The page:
My first encounter with a machine with several CPUs was back in the university where I developed a paper about Load Balancing in a Massive Parallel Processing environment. I was trying to develop an algorithm that would balance load amongst CPUs in a dynamic way. I guess the purpose was to investigate more than to create, but two decades later the challenges of Load Balancing (LB) in parallel processing still remain a key aspect to a successful use of several processing units. In times like these never the ability to scale in a linear way were so important, hence dividing is still the most effective way to conquer!
In Oracle database, parallel processing, specifically in the query processing arena, is of utmost importance. The last big machine I had my hands on, an X2-8 Exadata, has nothing less than 128 Cores of processing and the smallest error in balancing the load has an immediate effect.
The Parallel Query (PQ) model of processing was introduced in Oracle7 and the basic mechanism still remains the same as you can see here. In this documentation you can read the following:
“(…) there are actually eight query servers involved in the query even though the degree of parallelism is four. This is because a parent and child operator can be performed at the same time.“
Later on in Oracle 11g the same piece of documentation referred to this relationship of parenthood in a different manner:
“(…) there are actually eight parallel execution servers involved in the query even though the DOP is
4. This is because a producer and consumer operator can be performed at the same time (inter-operation parallelism)“
My point is that, it’s not enough to parallel your load if it’s not balanced. With this in mind I think that your top priorities regarding PQ processing should be:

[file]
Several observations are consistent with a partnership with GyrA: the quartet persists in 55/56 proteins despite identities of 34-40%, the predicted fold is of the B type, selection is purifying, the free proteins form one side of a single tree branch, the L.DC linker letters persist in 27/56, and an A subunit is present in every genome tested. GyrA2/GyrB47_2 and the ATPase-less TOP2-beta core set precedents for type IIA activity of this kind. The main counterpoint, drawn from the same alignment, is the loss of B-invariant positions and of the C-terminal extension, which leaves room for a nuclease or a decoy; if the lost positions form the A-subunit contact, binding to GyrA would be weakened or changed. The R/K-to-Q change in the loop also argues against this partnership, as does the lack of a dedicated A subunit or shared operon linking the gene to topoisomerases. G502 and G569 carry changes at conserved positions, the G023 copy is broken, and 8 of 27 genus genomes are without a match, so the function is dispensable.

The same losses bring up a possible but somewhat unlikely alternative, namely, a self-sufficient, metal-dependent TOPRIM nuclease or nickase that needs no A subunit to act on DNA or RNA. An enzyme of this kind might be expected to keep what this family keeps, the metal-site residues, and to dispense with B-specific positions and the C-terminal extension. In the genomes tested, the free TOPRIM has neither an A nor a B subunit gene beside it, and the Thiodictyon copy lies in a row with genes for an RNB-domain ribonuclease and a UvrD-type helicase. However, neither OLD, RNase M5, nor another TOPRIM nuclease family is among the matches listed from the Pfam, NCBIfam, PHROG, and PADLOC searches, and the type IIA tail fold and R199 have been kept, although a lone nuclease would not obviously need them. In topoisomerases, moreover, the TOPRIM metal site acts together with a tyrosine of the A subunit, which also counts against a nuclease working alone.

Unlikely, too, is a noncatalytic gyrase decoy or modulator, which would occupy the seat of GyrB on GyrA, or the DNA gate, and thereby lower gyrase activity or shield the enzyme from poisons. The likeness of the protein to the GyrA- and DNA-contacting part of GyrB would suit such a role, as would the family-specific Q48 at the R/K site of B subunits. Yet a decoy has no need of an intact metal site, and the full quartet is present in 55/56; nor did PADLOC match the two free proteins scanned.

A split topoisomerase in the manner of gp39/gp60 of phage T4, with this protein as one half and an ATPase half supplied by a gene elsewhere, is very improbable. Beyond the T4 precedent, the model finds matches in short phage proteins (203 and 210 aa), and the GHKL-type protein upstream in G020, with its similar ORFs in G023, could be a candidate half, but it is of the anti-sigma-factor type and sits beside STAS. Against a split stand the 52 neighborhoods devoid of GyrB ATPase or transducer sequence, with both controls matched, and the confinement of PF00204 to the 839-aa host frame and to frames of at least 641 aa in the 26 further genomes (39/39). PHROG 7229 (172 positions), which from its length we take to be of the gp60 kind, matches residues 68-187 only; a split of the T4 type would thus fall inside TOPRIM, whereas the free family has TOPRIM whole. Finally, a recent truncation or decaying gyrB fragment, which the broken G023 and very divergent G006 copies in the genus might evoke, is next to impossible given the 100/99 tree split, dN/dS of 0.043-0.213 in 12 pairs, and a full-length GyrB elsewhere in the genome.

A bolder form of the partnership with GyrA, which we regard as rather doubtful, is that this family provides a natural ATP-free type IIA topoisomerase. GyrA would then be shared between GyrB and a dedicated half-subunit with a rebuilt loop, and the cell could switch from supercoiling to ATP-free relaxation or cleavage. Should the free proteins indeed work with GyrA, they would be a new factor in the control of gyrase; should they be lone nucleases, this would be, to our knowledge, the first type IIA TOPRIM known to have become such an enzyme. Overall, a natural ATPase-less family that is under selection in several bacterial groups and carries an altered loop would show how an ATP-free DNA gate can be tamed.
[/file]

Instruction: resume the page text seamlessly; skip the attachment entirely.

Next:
- Does your statement produce a good amount of scattered scanning in order to take advantage of a parallel operation?
- Is your operation load intensive or join intensive?
- How data is distributed amongst producer and consumer parallel processes?
The purpose of this post is to make you aware of the 3rd question!
The same doc I’ve quoted, has a section about “Balancing the Workload” from where you can read the common sense concept of “workload skewing, which occurs when some parallel execution servers perform significantly more work than the other processes“. I bet that most of you out there would think that the Oracle optimizer would always do an equitative distribution of load among parallel processes, but I have news for you: it tries its best, and sometimes “best” and “optimal” are not the same. That’s where the human knowledge of the nature of data comes in handy.
You can control this process in three ways:
- Through the wise use of the Degree Of Parallelism (DOP) versus the number of partitions in a table. using a 15 DOP in a 16 partitions table like the doc refers to is a classical error that occurs more times than you might think!
- Enabling correlated (incremental) stats where they apply (the classical example: Car Manufacturer and Model: When I say “Camaro” I don’t need to scan the word “Chevrolet”!)
- Using the hint PQ_DISTRIBUTE, but like any other hint please test it thoroughly before you use it in production.
My goal was to make you aware that parallel distribution of load is important, and from here on I recommend that you read some more about it, and if you can, try it too with your data (not in production please!). So here’s a list I’ve put for your reading pleasure:
* About the PQ_DISTRIBUTE hint
* Blog entries about the subject:
The Cost of PX Distribution Method by Christian Antognini
Parallel query distribution methods by Tony Hasler
* Oracle Forum discussion thread about PQ_DISTRIBUTE
I still haven’t found proper MOS note about this so if you guys out there would want to share it please do so.